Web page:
When I got to the old field, a Red-tailed Hawk was sitting on top of a pole overlooking the highway. Several mornings during the past week, two Red-tailed Hawks and one juvenile have been around this area – the juvenile often screaming while the adults perch quietly. This time, while I was watching, a second Red-tailed Hawk flew up and joined the first one on top of the same pole. Both of these were adults. They lifted their wings, looking as if they had a little trouble finding footing, but then they both settled down and sat there sharing the space, facing in opposite directions. I walked on, and when I saw them again on my way back, one had flown to the next pole out over the highway. A third Red-tailed Hawk – the juvenile – then circled high over the same area, crying repeatedly.

Earlier in the week a single Indigo Bunting sang almost every day in or near the field – sweet-sweet, chew-chew, sweet-sweet – but this morning it wasn’t there.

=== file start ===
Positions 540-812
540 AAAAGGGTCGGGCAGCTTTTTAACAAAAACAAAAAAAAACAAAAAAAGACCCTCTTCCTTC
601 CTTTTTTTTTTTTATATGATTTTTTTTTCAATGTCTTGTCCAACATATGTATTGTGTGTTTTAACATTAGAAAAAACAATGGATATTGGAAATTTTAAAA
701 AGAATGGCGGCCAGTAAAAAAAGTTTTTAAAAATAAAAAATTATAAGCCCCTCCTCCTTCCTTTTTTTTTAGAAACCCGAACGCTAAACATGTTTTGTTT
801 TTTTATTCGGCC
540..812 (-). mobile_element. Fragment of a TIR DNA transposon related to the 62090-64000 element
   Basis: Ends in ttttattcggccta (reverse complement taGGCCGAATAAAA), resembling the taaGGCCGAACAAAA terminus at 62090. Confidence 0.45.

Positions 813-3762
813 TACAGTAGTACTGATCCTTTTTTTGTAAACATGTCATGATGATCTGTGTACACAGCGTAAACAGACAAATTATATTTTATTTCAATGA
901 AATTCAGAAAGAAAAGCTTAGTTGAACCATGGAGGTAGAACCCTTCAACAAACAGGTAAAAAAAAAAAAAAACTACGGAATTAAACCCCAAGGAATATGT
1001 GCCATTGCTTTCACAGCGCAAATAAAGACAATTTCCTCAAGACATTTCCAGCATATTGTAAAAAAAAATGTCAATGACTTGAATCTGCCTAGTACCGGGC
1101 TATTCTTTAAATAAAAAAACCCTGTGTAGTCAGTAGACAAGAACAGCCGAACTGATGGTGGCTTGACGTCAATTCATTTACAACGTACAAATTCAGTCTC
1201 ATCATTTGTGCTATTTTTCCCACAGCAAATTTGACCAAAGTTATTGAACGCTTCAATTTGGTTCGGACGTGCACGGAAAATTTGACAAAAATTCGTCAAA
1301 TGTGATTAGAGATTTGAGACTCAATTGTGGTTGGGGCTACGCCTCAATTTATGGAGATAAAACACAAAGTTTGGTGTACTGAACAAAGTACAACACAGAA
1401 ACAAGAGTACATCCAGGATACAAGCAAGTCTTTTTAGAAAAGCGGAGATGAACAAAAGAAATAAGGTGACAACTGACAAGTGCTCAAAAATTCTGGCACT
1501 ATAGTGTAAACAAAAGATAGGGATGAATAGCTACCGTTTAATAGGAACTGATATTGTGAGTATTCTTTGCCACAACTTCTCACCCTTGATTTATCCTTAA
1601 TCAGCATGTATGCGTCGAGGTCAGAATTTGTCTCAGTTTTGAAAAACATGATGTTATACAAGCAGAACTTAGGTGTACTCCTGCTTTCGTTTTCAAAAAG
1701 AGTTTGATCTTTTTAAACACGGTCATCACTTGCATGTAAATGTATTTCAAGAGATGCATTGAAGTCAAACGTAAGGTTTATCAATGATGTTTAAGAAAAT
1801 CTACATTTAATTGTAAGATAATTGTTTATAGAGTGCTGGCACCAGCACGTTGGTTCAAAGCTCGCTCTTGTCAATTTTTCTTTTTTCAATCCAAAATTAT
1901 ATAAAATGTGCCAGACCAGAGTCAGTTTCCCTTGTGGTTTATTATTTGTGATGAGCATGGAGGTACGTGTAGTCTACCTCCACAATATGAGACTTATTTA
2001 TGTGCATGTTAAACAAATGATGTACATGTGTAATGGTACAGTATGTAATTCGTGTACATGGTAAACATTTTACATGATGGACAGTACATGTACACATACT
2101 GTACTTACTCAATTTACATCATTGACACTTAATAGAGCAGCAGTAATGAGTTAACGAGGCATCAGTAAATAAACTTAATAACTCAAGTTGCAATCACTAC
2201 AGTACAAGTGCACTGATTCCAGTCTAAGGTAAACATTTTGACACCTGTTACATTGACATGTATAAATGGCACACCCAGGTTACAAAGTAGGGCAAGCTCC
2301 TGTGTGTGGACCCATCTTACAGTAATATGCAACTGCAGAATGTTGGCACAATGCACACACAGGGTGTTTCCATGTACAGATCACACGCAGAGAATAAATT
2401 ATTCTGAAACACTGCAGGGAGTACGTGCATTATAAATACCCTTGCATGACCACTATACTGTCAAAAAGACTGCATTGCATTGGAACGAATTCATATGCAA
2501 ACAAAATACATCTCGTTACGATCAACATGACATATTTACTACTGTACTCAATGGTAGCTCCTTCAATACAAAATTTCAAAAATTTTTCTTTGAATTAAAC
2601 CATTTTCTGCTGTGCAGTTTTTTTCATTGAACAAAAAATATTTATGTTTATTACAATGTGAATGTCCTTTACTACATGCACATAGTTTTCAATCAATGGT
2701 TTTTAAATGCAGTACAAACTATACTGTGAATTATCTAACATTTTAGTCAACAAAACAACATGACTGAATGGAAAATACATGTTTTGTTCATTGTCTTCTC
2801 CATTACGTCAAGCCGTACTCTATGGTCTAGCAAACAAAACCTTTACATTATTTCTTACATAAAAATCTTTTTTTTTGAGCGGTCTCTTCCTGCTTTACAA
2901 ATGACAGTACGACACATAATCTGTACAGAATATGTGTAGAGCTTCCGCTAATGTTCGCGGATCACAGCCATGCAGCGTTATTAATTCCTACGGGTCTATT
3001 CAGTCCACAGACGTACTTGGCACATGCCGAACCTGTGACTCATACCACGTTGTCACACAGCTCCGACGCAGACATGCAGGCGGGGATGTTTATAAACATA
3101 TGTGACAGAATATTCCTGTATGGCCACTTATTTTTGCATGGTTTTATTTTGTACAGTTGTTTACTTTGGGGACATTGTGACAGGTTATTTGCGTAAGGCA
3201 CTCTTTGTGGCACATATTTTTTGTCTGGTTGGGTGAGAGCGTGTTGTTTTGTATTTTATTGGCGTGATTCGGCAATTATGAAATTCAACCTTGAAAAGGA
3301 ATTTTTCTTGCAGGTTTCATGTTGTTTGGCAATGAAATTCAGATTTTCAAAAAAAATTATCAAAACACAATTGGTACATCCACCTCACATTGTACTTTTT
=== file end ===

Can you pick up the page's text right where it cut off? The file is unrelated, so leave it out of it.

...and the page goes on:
As I got close to home again, I heard the squeaking calls of Brown-headed Nuthatches, the long dry trill of a Chipping Sparrow, and saw several Bluebirds perched in trees and flying from place to place. But the best part of the walk came just as I reached our driveway, when I heard a few hoarse bars of a song and saw a tiny shape in the leaves at the top of a water oak across the street. It was a glass-red Scarlet Tanager, singing, in the same territory where one sang all day every day last summer.

Wood Stork, Gull-billed Tern and Other Activity Around Marsh Ponds

Thursday, June 18th, 2009

In addition to the Black-necked Stilts and Ospreys, many other birds were active around the Willet Pond and Ibis Pond on Kiawah. Clate got some amazing photographs – the best part of these postings by far! Click here to see a slide show.